Schizophrenia (SCZ) is associated with complex crosstalk between the gut microbiota and host metabolism, but the underlying mechanism remains elusive. Investigating the aberrant neurotransmitter processes reflected by alterations identified using multiomics analysis is valuable to fully explain the pathogenesis of SCZ.
We conducted an integrative analysis of multiomics data, including the serum metabolome, fecal metagenome, single nucleotide polymorphism data, and neuroimaging data obtained from a cohort of 127 drug-naïve, first-episode SCZ patients and 92 healthy controls to characterize the microbiome–gut–brain axis in SCZ patients. We used pathway-based polygenic risk score (PRS) analyses to determine the biological pathways contributing to genetic risk and mediation effect analyses to determine the important neuroimaging features. Additionally, a random forest model was generated for effective SCZ diagnosis.
We found that the altered metabolome and dysregulated microbiome were associated with neuroactive metabolites, including gamma-aminobutyric acid (GABA), tryptophan, and short-chain fatty acids. Further structural and functional magnetic resonance imaging analyses highlighted that gray matter volume and functional connectivity disturbances mediate the relationships between Ruminococcus_torgues and Collinsella_aerofaciens and symptom severity and the relationships between species Lactobacillus_ruminis and differential metabolites l-2,4-diaminobutyric acid and N-acetylserotonin and cognitive function. Moreover, analyses of the Polygenic Risk Score (PRS) support that alterations in GABA and tryptophan neurotransmitter pathways are associated with SCZ risk, and GABA might be a more dominant contributor.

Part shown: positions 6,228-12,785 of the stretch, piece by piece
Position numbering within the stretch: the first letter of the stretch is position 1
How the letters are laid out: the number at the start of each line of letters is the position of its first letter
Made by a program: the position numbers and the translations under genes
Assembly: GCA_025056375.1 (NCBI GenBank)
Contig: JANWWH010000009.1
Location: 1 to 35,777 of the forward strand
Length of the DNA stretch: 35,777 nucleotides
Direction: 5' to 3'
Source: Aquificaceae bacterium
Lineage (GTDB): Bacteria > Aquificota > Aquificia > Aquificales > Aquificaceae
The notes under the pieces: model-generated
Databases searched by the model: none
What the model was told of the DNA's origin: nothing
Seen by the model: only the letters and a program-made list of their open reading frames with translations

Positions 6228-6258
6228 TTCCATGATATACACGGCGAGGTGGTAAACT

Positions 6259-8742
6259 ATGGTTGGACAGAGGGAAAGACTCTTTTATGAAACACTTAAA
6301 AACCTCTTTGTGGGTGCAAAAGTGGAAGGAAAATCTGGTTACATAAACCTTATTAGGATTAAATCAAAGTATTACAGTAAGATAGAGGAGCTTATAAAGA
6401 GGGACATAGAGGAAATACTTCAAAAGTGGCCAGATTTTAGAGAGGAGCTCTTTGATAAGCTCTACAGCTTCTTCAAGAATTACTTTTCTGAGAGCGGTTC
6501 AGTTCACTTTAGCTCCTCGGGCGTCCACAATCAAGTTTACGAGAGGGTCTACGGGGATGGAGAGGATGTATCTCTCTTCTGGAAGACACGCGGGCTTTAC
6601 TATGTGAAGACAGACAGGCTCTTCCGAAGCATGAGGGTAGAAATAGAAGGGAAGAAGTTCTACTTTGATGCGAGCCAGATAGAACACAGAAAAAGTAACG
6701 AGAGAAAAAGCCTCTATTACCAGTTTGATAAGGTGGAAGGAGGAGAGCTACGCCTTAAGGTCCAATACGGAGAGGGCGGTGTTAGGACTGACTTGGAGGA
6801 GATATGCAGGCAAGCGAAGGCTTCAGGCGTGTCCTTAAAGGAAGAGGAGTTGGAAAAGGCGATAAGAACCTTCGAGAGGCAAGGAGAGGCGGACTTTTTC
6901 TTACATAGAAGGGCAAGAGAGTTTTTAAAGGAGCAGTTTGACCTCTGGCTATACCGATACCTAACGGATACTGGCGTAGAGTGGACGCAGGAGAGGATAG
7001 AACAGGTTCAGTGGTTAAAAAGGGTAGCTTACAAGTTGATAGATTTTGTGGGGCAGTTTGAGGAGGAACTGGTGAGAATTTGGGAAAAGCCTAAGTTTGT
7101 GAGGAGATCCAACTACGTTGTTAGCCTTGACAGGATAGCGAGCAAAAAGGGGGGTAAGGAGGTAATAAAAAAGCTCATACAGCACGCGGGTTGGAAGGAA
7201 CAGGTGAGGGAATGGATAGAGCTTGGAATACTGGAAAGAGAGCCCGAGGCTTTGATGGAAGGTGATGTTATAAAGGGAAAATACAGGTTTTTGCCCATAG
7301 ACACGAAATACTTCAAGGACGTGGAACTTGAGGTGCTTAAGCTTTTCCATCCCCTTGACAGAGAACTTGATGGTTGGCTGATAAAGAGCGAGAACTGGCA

This study provides new insights into systematic relationships among genes, metabolism, and the gut microbiota that affect brain functional connectivity, thereby affecting SCZ pathogenesis.